Recent college graduates can expect to earn 10 percent less than they did as long ago as 2000. In fact, one of the longest-lasting legacies of the great recession may be its negative impact on the lifetime careers of young graduates. The current high unemployment rate will leave many of them a step behind throughout their careers. A study conducted by Yale School of Management economist Lisa Kahn determined that workers who graduated from college during the recession of the early 1980s were still in worse shape financially than workers who graduated in better times after approximately 2006. When young college graduates do get a job, it frequently won’t pay well. According to Census Bureau statistics, the median annual earnings of a worker 25 to 34 years old with a bachelor’s degree was $40,875 last year, a significant decline from the $45,200 reported in 2000, adjusting for inflation.
Despite the dismal salary news, there is good news in that fact that hiring for 2011 graduates is up 10 percent when compared with last year. Meanwhile, unemployment rates among those with a degree is less than half the national average. It’s those with just a high school education whose unemployment rates are above the national average.
The typical wage for recent college graduates has fallen by nearly $1 per hour over the last 10 years, according to the Economic Policy Institute (EPI). Despite the lack of growth in entry-level wages, a college degree remains a worthy investment. According to the EPI’s Heidi Shierholz, “After gains in the 1980s and particularly in the 1990s, hourly wages for young college-educated men in 2000 were $22.75, but that dropped by almost a full dollar to $21.77 by 2010. For young college-educated women, hourly wages fell from $19.38 to $18.43 over the same period. Now, with unemployment expected to remain above 8 percent well into 2014, it will likely be many years before young college graduates — or any workers — see substantial wage growth.”
There is some upbeat news for the class of 2011. Students who will graduated this year received job offers with starting salaries averaging $50,034 annually, a 3.5 percent increase over last year, according to a survey from the National Association of Colleges and Employers (NACE). Employers said they plan to increase hiring of college graduates by 13.5 percent compared with 2010. Business majors were the best positioned, with the average starting salary rising nearly two percent to $48,089. Accounting majors received salary offers of $49,022, up 2.2 percent, while finance majors were offered an average of $50,535, an increase of 1.9 percent. Starting salaries for business administration/management graduates fell slightly to $44,171, down 2.3 percent. Engineering graduates — typically one of the highest-paying fields — didn’t see a big change, with the average starting salary down 0.3 percent but still impressive at $59,435.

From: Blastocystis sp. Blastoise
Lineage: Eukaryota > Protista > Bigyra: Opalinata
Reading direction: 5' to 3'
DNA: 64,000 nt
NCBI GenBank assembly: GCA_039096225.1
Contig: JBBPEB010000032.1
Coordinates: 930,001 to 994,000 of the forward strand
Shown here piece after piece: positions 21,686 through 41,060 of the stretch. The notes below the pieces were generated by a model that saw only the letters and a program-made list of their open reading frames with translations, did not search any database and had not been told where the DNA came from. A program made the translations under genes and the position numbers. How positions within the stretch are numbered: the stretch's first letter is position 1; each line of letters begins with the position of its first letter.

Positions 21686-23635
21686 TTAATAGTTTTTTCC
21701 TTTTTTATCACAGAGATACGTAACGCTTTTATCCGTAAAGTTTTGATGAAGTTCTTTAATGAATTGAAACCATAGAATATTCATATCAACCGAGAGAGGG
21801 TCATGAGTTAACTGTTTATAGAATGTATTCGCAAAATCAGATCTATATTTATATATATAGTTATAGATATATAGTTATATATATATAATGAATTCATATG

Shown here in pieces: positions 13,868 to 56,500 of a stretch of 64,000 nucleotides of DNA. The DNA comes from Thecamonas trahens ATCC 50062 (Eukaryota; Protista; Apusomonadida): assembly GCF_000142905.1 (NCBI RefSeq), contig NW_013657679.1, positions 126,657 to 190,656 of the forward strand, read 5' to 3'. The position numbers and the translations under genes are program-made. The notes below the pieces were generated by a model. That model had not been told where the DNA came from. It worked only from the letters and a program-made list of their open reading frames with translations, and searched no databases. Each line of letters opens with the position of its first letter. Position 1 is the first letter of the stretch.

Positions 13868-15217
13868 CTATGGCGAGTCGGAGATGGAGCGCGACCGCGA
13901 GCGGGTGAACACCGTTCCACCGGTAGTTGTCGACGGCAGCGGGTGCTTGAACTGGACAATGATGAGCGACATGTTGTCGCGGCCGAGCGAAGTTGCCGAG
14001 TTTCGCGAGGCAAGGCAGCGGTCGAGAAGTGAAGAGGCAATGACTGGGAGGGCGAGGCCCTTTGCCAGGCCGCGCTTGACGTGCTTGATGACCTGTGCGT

Certain engineering majors saw noteworthy increases, with electrical engineering majors receiving an average salary offer of $61,690 — up 4.4 percent over 2010. Mechanical engineering salaries rose 3.8 percent to $60,598, although it didn’t pay as well to graduate with a degree in civil engineering, with starting salaries in that field slipping 7.1 percent to $48,885. While the association’s survey didn’t break out starting salaries for individual liberal arts majors, offers were up an impressive 9.5 percent to $35,633. That compares to a steep decline of 11 percent last year.
The financial crisis is forcing Americans to re-think what they want out of a college education. “Students and families are becoming more savvy consumers about how they get their degrees, where they go to school and how they pay for it. I think that is long overdue,” said Edie Irons, the Institute for College Access and Success’s communications director. “It used to be that a college degree seemed like a ticket to ride, but there are no guarantees anymore that once you get that degree, you’re going to get a great job and do really well financially. There’s been research that has shown students graduating in a recession earn lower incomes throughout their lifetimes than those graduating in a boom,” Irons said. “It is a real concern, and we think graduates need good information about how to manage their debt.”
According to Brandon Lagana, director of admissions at Northern Illinois University, students are being more fluid in their approach to college. Some chose a more affordable university, others start at a two-year institution then finish at a four-year school, and some wait a few years before starting any schooling. “We’re certainly seeing students using more options to a degree than they ever did before,” he said.
Read my recent Huffington Post article about college education and debt here.